Smart choices | The Globe tests

Straighten up and sit right

Better posture at work can keep back pain at bay. If that doesn't work, try a better chair

Left to right, Sealy Posturepedic High Back Executive Chair, Herman Miller Embody, Humanscale Freedom, and Staples Acadia Multifunction Mesh Task Chair. Left to right, Sealy Posturepedic High Back Executive Chair, Herman Miller Embody, Humanscale Freedom, and Staples Acadia Multifunction Mesh Task Chair.
By John M. Guilfoil
Globe Correspondent / February 8, 2009
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Didn't your mother ever tell you to sit up straight?

That advice is echoed by Karen Jacobs, a board certified ergonomist, occupational therapist, and clinical professor at Boston University who spends her time showing people how to avoid office injuries.

"When sitting, it is very easy to slump into a posture which significantly changes the shape of the spine and drastically increases the pressure on the intervertebral discs in the low back," according to Jacobs's research. "Slumping posture can result in low back pain and, over a prolonged period of time, can cause more serious back problems."

However, no matter how much you try to sit right, sometimes it's not how you sit but what you sit in that matters. So the Globe tested four office chairs designed with the utmost in comfort and ergonomics in mind. We tested the Humanscale Freedom at $1,300, the Herman Miller Embody at $1,600, the Sealy Posturepedic High Back Executive Chair at $269.99, and Staples Inc.'s Acadia Multifunction Mesh Task Chair at $159.99. The first two are generally available through direct order or at specialty stores.

"Many office chairs have traditional, padded, fixed-height lumbar supports that are unlikely to provide a comfortable or appropriate seat for people of various body types," Jacobs said. Translation: a good, healthy chair will be more adjustable and allow you to manipulate it to suit your needs.

Jacobs doesn't endorse a particular brand of product, and we really had a hard time deciding between Humanscale and Herman Miller, two companies that seem to compete like Coke and Pepsi. In the end, after sitting in the chairs in front of our ergonomic keyboards typing away, we went with the Humanscale and its supportive headrest as the best option.

Jacobs's research says you put more pressure on your joints and lower back when you're sitting for a long time, as opposed to standing. Sitting increases the risk of lower-back pain and compresses the discs in your spine. When you slump, the pressure on your spine is drastically increased and can cause serious problems down the road.

Most chairs you'll find in an office have traditional lower-back support, but one of the major problems is that people often fail to adjust even good ergonomic chairs to best fit their body type.

Adjust your chair so you're sitting up straight. A good chair should contour to your body and not put any excess pressure on your back, rear, thighs, or knees.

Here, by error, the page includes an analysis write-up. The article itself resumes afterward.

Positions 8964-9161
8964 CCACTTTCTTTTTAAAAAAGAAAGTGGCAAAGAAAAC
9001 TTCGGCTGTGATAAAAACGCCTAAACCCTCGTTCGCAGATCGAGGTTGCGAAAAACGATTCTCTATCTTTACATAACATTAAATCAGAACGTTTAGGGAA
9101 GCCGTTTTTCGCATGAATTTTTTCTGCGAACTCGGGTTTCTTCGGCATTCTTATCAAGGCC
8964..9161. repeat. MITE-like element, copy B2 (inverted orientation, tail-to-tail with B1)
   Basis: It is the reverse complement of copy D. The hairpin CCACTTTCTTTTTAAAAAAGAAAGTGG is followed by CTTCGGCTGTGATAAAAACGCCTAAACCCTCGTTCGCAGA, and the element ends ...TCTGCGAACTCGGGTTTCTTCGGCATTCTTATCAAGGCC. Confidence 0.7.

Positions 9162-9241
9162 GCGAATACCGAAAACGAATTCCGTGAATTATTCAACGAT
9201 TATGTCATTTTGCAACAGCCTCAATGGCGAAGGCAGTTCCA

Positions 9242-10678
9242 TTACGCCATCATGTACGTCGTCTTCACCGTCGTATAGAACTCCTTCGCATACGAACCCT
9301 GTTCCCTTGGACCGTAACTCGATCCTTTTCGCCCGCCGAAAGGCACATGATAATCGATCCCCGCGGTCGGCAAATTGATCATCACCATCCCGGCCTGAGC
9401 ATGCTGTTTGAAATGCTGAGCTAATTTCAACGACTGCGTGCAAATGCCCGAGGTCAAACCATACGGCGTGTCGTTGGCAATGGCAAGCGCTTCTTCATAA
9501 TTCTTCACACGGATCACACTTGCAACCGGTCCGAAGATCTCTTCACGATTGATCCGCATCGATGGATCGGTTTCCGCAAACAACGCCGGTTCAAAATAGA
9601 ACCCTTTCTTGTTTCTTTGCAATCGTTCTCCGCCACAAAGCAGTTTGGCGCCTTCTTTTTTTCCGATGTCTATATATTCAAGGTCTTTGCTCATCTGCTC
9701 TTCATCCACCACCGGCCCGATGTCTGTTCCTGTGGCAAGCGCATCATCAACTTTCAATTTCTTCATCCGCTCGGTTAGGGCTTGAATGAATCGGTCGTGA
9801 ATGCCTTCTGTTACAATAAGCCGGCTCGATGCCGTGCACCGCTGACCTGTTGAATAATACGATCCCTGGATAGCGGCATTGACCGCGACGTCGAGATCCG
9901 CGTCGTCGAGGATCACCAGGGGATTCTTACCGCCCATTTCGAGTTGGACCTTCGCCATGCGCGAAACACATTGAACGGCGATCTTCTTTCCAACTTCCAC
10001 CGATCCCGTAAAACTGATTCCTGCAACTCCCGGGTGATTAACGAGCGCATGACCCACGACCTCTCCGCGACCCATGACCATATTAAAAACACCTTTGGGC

The two in-store chairs were decent. The Staples Acadia mesh chair was better than the cushy Sealy chair. The Acadia reminded us of the $1,000 Humanscale Liberty Chair we also tried out. Both chairs are mesh-backed and lean back easily and smoothly.

We did worry about the long-term viability of both cheap chairs being able to stand up to constant sitting. We feared they'd break eventually. The other chairs felt sturdier.

In response, Staples spokeswoman Amy Shanler said the company stands behind its branded products. "We put these chairs through intense testing so we can stand behind our brand and customers know they can count on our quality."

The Sealy chair is also a Staples exclusive, but is licensed by Sealy and built by Chairworks. "We go through strict testing programs with Staples to make sure product is completely up to their standards," said Peter Ravn, the vice president of sales and marketing for Chairworks.

Our choice
Pros: It's comfortable and makes the back feel good while you're typing away.
Cons: The chair pan (what you actually sit on) slides too easily, not locking into place. That was a pain.
The final word: Your body will thank you.

Pros: The Embody is comfortable, adjusts well, and looks built to last.
Cons: Price has to be a worry for some.
The final word: You can downgrade the fabric and save a little money, but, really, this is a fabulous chair that you wouldn't regret buying.

Pros: It's comfy like a pillow-top mattress.
Cons: The chair shook a bit. We were worried it wouldn't hold up under a lot of use.
The final word: The chair feels nice and was on sale for less than $200 when we stopped by our local Staples.

Pros: The mesh back is comfortable and reminds us of more expensive ergonomic chairs.
Cons: We're worried about its lifespan. Especially for heavier executives.
The final word: Even if it breaks in a few years, you simply can't beat the price.

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